Punishment for insult, slander, and defamation in UAE law

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Punishment for insult, slander, and defamation in UAE law

What do we mean by defamation?

Defamation refers to the act of making false and harmful statements about an individual or entity that damage their reputation. It involves the publication or communication of statements that are untrue, derogatory, or damaging to a person’s character, integrity, or professional standing. Defamation can occur through various means, including spoken or written words, online platforms such as social media, newspapers, books, magazines, or any other medium that disseminates information to the public.

In legal terms, defamation typically encompasses two forms: slander and libel. Both forms of defamation can lead to legal consequences if they meet certain criteria, such as being false, harmful, and communicated to a third party.

It is essential to note that freedom of speech does not grant individuals the right to engage in defamation. Defamation laws aim to strike a balance between protecting an individual’s reputation and safeguarding the fundamental right to freedom of expression. Banners, cartoons, photographs, and even the public display of statues can constitute forms of expression that may potentially give rise to defamation claims.


What do we mean by Slander and what is the difference between it and defamation?

Slander is a specific form of defamation that involves the making of false and damaging statements about an individual or organization through verbal communication. It refers to the act of conveying false information as if it were true, with the intention of harming the reputation of the target.

According to the Penal Code, specifically the provisions of Federal Decree-Law No. (4) of 2019 amending certain provisions of Federal Law No. (3) of 1987, which came into effect on March 01, 2020, defamation is defined as the public attribution of a specific incident. It is considered a deliberate criminal offense and falls under the category of offenses against honor. The perpetrator of defamation aims to harm the emotions, dignity, and social standing of another individual. Accusing someone of engaging in outrageous behavior constitutes a specific incident that, if proven to be true, can result in administrative, disciplinary, or criminal penalties, as well as public contempt and belittlement in front of their family, peers, and society.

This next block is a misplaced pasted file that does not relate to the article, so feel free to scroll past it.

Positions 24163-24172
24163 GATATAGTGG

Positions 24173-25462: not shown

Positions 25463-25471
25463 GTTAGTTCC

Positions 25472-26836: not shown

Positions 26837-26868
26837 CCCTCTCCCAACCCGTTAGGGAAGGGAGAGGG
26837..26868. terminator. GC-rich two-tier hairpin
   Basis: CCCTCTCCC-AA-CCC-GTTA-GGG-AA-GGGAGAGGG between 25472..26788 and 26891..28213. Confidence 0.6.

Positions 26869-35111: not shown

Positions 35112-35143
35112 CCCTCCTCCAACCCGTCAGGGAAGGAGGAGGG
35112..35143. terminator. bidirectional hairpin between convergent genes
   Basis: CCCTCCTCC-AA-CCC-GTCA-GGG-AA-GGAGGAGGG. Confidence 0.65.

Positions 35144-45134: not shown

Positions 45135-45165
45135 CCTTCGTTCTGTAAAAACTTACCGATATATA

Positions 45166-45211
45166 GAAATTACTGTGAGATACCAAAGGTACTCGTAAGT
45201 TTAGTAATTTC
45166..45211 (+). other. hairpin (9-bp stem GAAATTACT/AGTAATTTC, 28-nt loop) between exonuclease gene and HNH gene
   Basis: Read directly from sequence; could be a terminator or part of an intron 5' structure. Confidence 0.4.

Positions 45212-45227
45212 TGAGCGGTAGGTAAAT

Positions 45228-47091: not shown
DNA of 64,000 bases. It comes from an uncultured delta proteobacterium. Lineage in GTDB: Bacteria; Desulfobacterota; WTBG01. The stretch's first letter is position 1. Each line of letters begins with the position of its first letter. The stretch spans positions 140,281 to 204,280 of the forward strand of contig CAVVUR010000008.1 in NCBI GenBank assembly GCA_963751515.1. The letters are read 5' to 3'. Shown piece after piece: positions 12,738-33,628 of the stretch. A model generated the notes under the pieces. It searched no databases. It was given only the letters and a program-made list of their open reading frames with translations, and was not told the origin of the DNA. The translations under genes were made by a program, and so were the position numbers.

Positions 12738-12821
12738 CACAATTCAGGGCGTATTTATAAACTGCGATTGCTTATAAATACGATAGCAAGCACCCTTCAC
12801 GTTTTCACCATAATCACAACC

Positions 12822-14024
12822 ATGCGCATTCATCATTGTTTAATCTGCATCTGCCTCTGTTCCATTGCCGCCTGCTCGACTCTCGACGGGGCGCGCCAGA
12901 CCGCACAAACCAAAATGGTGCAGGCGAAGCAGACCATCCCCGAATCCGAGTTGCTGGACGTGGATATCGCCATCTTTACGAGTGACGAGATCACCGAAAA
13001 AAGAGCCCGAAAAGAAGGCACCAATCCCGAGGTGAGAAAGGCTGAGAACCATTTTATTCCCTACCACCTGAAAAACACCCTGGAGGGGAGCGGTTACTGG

The punishment for Insulting or Defamation Offenses in the UAE law

Insulting someone through language involves using derogatory expressions or labeling that diminishes the person’s dignity or tarnishes their reputation. On the other hand, defamation entails attributing a criminal act to someone, with the law specifying a corresponding penalty. These acts can occur through various social media platforms such as Twitter, Facebook, Snapchat, YouTube, among others.

Regarding public insult, the punishment is regulated by the Federal Penal Code as amended by Law No. 4 of 2019. According to Article 373 of the Code, the offense can result in imprisonment for a maximum period of two years or a fine not exceeding twenty thousand dirhams.

It is important to note that if more than three months have passed since the victim became aware of the crime and identified the perpetrator, their claim of defamation may not be accepted. This is due to the provision outlined in Article 10, second paragraph, of the Federal Criminal Procedures Law, which states that a delay in filing a complaint can result in the forfeiture of the plaintiff’s right to pursue legal action.


Punishment for Insult and Defamation in UAE Law

The UAE law takes a stringent approach to crimes against reputation, including defamation, insult, and disclosure of secrets, as outlined in Articles 372-374. The penalties for individuals charged with contempt and insult through any means of public communication are as follows:

  • A fine of up to twenty thousand dirhams.
  • Imprisonment for a maximum of two years.
  • Deportation of foreign nationals convicted of these offenses from the country.

In cases where individuals are charged with defaming others through public acts that affect honor and reputation, the prescribed punishment includes:

  • Imprisonment for a period not exceeding one year.
  • A fine not exceeding twenty thousand dirhams.

Moreover, anyone who insults a public government employee while the employee is carrying out their duties may face imprisonment of up to two years and a fine of up to fifty thousand dirhams.